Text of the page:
By , on August 23rd, 2011

MBA Swarm Removal Map: Policies & Procedures

MBA Swarm Removal Map Policies

  • A swarm removal listing will run for the calendar year.
  • An annual fee will be assessed for a swarm listing.  MBA members are entitled to a discount.
  • Listings will also include an ad on the “Classified Ads” page under the category “Swarm Removal”.
  • Fees will not be prorated.  Any Swarm Removal listing received after November will be included in the following year.
  • At the end of the year, listings must be renewed through the MBA web site.  You should receive a renewal notice as a reminder to renew your listing.
  • Beekeepers who are willing to do cutouts will be identified on the “cut out” map provided the ad is listed using one of the “cut out” payment plans.
  • MBA reserves the right to accept, reject or withdraw any listing.
  • No refunds for paid listings.
  • Rates are posted in “Classified Ads Policies & Rates” and below.
  • These Policies and Procedures may be changed by the MBA at any time.

 

Type

MBA Member

Non-Member

Swarm Removal Placement

$7.50

$15.00

Cut Out Placement

$12.50

$25.00

 

Procedures to Get a Listing on the MBA Swarm Removal Map

Step 1.  There are two categories for a listing on the Swarm Removal page: swarm removal and cut outs.  You can create a list for one or the other, but not both.  If you do cut outs and want to also advertise swarm removal, then you can mention this in the text of your listing.

Step 2.  To sign up for the swarm removal page, you must place a classified ad in one of the “Swarm Removal” categories (Swarm Removal or Cut Outs).  Placing the ad must be done through the MBA web site.  When you place a swarm removal classified ad you will also get a location marker on the map.  To place the ad go to the “Market Place” menu option on the MBA web site and then go to the “Place Ad” page.

Step 3.  Complete the information on the “Place Ad” page.  For the “Ad Category”, you MUST select either the “Swarm Removal” or “Cut Out” sub-category.  Your name, email address and phone number are required entries.  Your city may be helpful to those looking at your ad.  The “Item Price” entry can be left blank.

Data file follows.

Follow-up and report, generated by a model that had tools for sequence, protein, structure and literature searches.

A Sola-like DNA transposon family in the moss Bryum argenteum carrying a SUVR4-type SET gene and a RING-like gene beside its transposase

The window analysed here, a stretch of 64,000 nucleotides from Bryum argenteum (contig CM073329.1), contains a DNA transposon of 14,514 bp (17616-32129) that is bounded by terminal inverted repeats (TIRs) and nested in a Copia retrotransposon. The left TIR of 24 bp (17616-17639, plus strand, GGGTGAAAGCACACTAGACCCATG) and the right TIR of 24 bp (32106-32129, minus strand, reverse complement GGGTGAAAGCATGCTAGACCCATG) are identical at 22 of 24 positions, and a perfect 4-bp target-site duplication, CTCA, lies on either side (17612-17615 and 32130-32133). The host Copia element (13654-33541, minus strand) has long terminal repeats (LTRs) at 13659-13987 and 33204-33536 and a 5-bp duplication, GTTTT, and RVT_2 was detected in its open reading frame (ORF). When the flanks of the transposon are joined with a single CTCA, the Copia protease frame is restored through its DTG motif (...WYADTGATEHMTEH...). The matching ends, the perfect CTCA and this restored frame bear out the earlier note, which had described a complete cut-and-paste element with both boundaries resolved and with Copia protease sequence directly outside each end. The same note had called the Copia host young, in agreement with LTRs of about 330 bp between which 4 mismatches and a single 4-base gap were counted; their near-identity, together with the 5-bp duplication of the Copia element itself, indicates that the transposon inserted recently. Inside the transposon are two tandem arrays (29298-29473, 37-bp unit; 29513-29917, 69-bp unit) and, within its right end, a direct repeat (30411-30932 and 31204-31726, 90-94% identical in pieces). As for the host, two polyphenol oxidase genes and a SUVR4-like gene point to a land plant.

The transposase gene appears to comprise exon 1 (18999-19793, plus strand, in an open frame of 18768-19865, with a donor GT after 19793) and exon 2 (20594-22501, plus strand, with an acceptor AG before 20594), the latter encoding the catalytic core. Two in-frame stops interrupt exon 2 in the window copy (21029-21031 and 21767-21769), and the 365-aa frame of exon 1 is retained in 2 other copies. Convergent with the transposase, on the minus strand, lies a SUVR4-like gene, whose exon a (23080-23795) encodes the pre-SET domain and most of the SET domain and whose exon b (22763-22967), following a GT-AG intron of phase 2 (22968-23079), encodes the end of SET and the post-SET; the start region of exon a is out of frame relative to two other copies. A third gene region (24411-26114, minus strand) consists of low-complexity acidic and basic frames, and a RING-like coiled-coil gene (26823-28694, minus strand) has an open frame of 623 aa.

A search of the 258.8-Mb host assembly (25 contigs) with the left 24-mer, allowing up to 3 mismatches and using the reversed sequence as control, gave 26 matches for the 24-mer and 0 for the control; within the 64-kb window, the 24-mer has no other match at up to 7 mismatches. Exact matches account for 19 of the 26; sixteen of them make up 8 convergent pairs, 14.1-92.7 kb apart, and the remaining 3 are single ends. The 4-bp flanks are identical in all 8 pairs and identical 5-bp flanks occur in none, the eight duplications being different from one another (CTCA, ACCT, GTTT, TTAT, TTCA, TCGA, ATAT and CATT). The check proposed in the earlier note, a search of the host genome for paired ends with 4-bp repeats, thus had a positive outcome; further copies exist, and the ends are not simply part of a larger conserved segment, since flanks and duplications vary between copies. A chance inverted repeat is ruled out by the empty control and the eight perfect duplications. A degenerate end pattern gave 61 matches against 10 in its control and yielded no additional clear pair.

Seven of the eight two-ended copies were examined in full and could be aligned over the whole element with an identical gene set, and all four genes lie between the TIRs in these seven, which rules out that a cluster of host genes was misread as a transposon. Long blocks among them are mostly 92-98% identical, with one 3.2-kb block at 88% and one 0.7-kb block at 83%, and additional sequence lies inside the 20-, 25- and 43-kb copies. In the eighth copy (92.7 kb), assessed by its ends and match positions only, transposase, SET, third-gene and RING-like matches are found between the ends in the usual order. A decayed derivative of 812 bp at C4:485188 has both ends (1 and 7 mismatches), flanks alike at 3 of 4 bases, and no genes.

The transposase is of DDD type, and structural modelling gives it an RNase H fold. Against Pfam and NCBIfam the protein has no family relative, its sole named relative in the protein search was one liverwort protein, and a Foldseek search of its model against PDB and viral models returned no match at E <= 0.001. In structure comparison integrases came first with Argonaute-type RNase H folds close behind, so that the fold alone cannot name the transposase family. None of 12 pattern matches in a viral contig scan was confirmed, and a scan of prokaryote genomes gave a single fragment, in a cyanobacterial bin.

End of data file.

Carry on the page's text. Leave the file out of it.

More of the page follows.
You have 250 characters to make your pitch.  This is entered in the “ad details” section on the form.  Keep it short; you are more likely to get a response.  You MUST enter your complete address on the FIRST line of the text.  For example… “1234 N Main Street, Lansing, MI 48823”.  This is required in order to locate your marker on the map.  Submissions without an address will be rejected.

There are four “Ad Terms” one of which MUST be used for a swarm removal listing; two are for MBA members and two are for non-MBA members.  Select the term which applies to you.

NOTE:  If you select a term for “MBA member”, then your membership must be current.  Otherwise, your listing will be rejected.  To check your membership status, click here (this list is only updated periodically).  Or you may contact MBA and ask.

If you are required to make a payment, you will be taken to PayPal after you complete the “Place Ad” page and the subsequent “Image” page.  Payments can only be made with a credit or debit card.

Step 4.  After completing your listing, a confirmation email will be sent to you.  If you don’t get this confirmation email, then check your spam folder.  You may want to include emails from the domain “mba-bees.org” as an acceptable sender in your email spam filter.

Step 5.  MBA will process your listing.  Please give us up to a week to complete this task.  If you don’t see your listing and marker on the map after that time, please contact MBA.

 

Note:  Although comments to this post are open, comments must be limited to policies and procedures as published on this post.  All other comments will be disallowed.

 

9 comments to MBA Swarm Removal Map: Policies & Procedures

  • Wayne Alger

    thank you for helping us bee keepers get our names out there so we can collect swarms and do cut outs to add to our apiaries.

  • Wilbur Sewell

    I haven’t received my renewal notice for the swarm map. Are the notices coming out and do I have to rewrite everything or do you have what I put on the swarm map last year.

    Wilbur

  • Stephen Tilmann

    Hi Wilbur,
    Renewal notices for all of the MBA web site interactive maps (swarm removal, swarm cutouts, and honey locator) should be going out within the week (this is being written on Jan 16, 2014). When renewing, you will need to provide all of the information as you did last year, including any changes in the wording of your notice. Be sure to provide a complete address, as discussed on the instruction sheet for the sign up (look on the map page).

    Each year we completely remove any map markers and start over again. This ensures that the information is current and timely. In the past swarm removal lists on the MBA web site, this cleaning house was not done and the information was woefully out of date.

    However, you can sign up for a map marker now if you wish. Again, go the the page on the MBA web site of the map you want and follow the instructions.